At the time, I had thought it was only the presence of Sadie's father that steeled us and kept us from turning from the sight of the blood, closing our eyes as the knife first entered the sleeping body, and running away. But now I'm sure we would have stood there either way, whether he was with us or not, the three of us, holding hands in the snow and the silence.

. . .

Sadie's father said that after a few hours, the organs would begin to freeze. Eventually, he said, the coyotes and the bears would take care of them. In the meantime songbirds would pick at the fat and sing. He butchered the deer himself and the meat lasted until long after Anna left near the end of the month, just a few days before Christmas.

I asked Sadie's mother for some of the venison from the freezer. I could tell she was surprised, but she didn't ask questions. I took it home and hid it near the back of the freezer there.

. . .

It was only a matter of weeks, then, before Anna would return to Italy. We braced ourselves for the change the same way we had in August, but though her arrival had been sudden and shocking, her departure seemed to occur in bits and pieces, stretching themselves out across a period of several months. At times our voices slipped back into song, even after she was gone. Matty Carpenter came over the night before she flew away, gave her a red rose from which he'd carefully sliced the thorns with his pocket knife. He tied three scraps of fabric around it—green, white, red: the colors of the Italian flag. When we returned to school after Christmas break, he brought an identical one in and laid it on the hideous brown tiles on the floor at the base of what used to be her locker. It was one of the corniest things I ever saw. She would have loved it.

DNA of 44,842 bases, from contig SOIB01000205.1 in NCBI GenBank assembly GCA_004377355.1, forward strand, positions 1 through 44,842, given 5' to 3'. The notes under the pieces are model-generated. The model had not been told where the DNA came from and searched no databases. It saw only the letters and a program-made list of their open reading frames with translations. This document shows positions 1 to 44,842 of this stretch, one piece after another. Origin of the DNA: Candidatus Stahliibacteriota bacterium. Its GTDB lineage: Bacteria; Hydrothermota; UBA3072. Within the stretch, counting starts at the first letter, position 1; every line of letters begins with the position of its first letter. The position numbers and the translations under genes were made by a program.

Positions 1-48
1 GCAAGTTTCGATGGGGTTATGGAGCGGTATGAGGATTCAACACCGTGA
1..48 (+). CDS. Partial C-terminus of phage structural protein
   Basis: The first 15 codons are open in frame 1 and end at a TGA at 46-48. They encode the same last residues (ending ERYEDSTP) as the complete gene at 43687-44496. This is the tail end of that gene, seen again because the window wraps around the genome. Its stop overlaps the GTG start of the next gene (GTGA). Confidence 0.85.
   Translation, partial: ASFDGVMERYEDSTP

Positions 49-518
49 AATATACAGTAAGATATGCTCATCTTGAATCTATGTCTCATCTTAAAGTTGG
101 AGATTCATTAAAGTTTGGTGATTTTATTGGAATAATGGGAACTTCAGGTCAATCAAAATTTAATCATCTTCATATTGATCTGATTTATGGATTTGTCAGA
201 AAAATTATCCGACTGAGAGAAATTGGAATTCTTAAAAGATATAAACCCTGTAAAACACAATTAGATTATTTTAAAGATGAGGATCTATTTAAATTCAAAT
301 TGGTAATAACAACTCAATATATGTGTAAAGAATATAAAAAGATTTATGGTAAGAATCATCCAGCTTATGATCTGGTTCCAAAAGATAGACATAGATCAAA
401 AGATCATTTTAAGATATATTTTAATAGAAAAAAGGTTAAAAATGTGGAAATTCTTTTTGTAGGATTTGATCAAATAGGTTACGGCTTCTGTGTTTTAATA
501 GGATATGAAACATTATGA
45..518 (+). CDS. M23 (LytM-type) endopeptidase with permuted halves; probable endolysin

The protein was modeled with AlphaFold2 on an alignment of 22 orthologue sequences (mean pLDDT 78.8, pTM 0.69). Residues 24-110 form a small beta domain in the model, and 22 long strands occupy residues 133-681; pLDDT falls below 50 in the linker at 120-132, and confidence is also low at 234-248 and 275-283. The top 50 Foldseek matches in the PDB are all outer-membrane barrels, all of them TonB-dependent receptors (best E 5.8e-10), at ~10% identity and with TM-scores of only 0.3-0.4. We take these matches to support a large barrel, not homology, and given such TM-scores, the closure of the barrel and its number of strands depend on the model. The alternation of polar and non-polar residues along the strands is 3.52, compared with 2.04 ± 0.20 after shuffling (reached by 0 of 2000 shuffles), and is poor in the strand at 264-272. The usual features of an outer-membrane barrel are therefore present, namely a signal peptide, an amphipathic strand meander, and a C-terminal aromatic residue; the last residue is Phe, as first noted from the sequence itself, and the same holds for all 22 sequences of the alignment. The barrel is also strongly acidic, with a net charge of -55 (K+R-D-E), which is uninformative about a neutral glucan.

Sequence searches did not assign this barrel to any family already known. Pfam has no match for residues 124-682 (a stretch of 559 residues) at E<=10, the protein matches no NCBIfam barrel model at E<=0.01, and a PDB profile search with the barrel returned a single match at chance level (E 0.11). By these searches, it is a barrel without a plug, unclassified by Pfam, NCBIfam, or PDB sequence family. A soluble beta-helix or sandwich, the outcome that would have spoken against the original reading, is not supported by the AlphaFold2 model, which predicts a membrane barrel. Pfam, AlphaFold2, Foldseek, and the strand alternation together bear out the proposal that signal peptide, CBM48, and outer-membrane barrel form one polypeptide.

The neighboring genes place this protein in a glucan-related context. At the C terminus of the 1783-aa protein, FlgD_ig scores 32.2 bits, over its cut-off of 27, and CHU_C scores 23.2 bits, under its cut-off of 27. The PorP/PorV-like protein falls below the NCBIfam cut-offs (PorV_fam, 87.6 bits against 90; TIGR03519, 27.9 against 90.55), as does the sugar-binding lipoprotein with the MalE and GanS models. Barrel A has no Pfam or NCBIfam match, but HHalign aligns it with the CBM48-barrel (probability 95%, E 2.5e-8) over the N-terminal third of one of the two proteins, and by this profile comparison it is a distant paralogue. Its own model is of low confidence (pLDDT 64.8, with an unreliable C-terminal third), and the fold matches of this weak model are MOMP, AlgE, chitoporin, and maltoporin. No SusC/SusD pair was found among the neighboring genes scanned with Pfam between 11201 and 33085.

She promised to write, and for a long time, she did. Her letters were long and full of exclamation points and love and “very beutiful.” She promised me an Italian home and family, a family I had never met and knew then that I never would meet. I went back to imagining her, her house, her parents and their everyday lives, more realistically now—not stomping grapes, but a lawyer and a teacher in a second-floor apartment in a town that was not by the sea. Blonde.

On the day that she left, jetting forward in time, I took the venison Sadie's mother had given me out of the freezer and let it thaw. I could cook well, thanks to my time at Sadie's, my years of handing her mother spices and wooden spoons and watching her, without speaking. By the time my father came home (he was pumping gas then at a Texaco), it was nearly ready. It was dark outside.